to use 'with regard to' and when to use 'regarding'
from germany asks:
I am completely confused by the following relationship terms. Would
you please give me a precise explanation and some proper examples?
Are they the same or similar in meaning and in use? 1. in relation
to / with relation to 2. with regard to / regarding 3. in connection
are very similar in meaning and use. The key issue, as you suggest,
is to know when and how to use them.
These expressions are sometimes
known as 'discourse markers'. 'Discourse' is the term used to denote
pieces of speech or writing that are longer than a sentence. They
are 'markers' because they help to point out the structure of discourse.
They make clear the connection between what we are going to say and
what has come earlier. They are used to focus attention and to signal
what we are going to talk about.
Such discourse markers will often
be found at the beginning of a sentence. They are all fairly formal
in tone and characteristic of formal or written discourse.
an example, let us eavesdrop on this business meeting. The personnel
manager of a company is responding to questions from members of staff.
'There are two major issues on today's agenda which we should
move on to before lunch. One is the question of non-taxable allowances
and the other is bonus or productivity payments. Now, with
regard to/in connection with/concerning the former, the position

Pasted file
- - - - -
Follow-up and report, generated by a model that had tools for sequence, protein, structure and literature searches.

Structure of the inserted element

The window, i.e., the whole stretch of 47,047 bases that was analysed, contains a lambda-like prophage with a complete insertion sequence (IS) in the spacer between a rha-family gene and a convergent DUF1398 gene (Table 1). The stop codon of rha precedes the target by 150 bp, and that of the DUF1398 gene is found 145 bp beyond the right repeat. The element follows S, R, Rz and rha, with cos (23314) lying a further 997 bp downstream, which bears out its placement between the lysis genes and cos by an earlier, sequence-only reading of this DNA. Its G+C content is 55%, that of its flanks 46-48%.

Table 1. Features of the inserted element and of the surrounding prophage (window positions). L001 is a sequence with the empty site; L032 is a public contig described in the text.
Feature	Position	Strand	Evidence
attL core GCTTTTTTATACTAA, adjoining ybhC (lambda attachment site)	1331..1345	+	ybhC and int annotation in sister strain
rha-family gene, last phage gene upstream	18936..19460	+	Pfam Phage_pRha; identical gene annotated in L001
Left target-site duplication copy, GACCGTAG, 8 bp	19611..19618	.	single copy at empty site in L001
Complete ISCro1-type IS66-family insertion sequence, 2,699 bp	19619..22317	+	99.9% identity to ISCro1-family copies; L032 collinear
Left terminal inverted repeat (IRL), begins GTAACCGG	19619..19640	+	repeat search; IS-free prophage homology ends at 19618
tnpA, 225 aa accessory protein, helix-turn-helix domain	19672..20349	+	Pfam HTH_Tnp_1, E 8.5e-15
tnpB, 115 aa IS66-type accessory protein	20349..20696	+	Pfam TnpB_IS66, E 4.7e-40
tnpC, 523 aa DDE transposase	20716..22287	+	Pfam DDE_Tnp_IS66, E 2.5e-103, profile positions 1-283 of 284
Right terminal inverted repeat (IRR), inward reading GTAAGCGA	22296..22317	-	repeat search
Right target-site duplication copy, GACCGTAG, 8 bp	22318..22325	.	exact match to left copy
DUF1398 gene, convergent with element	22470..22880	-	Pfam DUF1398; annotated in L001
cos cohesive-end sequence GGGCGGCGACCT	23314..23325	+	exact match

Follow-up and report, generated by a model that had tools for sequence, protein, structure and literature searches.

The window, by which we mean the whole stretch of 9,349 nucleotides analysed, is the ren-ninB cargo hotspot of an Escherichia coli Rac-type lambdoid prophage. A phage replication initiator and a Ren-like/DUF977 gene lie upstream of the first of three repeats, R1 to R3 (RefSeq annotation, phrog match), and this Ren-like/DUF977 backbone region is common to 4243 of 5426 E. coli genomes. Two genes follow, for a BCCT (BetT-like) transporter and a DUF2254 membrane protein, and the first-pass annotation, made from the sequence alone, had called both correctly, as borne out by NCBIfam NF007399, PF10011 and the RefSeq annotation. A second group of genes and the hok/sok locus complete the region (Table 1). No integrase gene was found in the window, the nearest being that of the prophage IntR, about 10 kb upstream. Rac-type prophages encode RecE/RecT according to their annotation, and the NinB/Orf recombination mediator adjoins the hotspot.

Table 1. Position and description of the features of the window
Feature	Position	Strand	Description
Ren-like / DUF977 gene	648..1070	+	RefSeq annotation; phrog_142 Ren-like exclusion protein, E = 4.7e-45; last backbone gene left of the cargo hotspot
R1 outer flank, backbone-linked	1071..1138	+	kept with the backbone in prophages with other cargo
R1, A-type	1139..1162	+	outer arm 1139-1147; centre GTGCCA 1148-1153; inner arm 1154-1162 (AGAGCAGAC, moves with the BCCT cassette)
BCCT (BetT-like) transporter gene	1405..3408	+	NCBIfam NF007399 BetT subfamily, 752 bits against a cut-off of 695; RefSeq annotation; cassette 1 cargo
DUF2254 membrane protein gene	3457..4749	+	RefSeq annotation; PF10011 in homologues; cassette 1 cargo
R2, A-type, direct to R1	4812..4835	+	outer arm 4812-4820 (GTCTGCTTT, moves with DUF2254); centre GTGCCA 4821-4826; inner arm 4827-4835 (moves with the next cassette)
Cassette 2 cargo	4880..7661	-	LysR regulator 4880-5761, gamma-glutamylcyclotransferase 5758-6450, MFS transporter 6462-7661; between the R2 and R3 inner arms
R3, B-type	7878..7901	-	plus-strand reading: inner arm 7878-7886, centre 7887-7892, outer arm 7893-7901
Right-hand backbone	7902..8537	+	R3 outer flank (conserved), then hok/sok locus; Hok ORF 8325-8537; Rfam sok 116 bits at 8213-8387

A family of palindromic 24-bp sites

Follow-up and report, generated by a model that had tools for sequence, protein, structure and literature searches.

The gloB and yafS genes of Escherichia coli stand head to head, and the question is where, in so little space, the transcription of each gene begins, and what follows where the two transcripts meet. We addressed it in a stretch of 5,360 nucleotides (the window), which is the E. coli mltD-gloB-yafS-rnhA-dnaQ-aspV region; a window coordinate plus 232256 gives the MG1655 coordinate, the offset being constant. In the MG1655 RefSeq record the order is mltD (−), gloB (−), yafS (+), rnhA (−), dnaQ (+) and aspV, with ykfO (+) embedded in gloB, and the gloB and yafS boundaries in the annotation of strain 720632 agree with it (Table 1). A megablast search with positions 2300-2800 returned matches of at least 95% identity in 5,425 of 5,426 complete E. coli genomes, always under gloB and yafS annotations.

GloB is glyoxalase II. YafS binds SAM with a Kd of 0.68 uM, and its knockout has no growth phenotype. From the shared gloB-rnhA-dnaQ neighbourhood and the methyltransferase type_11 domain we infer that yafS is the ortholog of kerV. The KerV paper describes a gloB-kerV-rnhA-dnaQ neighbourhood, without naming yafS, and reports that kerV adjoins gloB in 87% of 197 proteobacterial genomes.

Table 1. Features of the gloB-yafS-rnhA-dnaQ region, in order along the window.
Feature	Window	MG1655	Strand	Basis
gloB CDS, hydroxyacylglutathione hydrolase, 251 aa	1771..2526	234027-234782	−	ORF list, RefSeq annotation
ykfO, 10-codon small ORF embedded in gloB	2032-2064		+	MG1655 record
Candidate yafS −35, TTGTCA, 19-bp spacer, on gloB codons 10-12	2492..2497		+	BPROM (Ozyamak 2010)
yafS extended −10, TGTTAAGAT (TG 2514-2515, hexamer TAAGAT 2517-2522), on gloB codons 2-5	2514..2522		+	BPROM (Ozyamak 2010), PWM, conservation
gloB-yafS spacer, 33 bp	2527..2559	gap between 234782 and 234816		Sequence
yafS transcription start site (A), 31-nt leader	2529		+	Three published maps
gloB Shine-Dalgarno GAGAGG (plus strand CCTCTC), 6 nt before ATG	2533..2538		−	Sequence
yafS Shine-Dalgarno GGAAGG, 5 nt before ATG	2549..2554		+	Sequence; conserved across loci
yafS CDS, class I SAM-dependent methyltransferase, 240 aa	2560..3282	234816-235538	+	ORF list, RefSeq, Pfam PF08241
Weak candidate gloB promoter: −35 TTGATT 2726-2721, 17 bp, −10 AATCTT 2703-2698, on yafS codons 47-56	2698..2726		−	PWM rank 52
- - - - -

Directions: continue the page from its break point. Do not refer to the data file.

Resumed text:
of this organisation is quite clear...'
could also add 'with reference to' as a further alternative
and this would perhaps be most formal of all. This expression is frequently
used at the beginning of business letters:
'Dear Ms Irvine,
With reference to your fax of yesterday, I am pleased to inform you
that expressions like as far as... is/am/are concerned and
as regards link discourse in a similar way, but these are slightly
less formal and more characteristic of spoken discourse:
'There is no doubt that in this country infectious diseases
such as tuberculosis and diphtheria are on the increase, but as
far as whooping cough is concerned / as regards
whooping cough, there are clear signs that it is on the wane.'
expression As far as I'm/we're concerned,... is also used colloquially
to indicate that you are stating your own position on something:
'As far as we were concerned, there was no point in remaining
at the site any longer.'
'As far as I'm concerned, you can go to Italy for Christmas.
I shall be quite happy here at home.'
final note about use of concerning. When placed later in a
sentence, it is sometimes used as an alternative to about or regarding:
'He refused to answer any questions concerning his private
'There was much discussion in Parliament concerning
the admission of homosexuals to the armed forces.'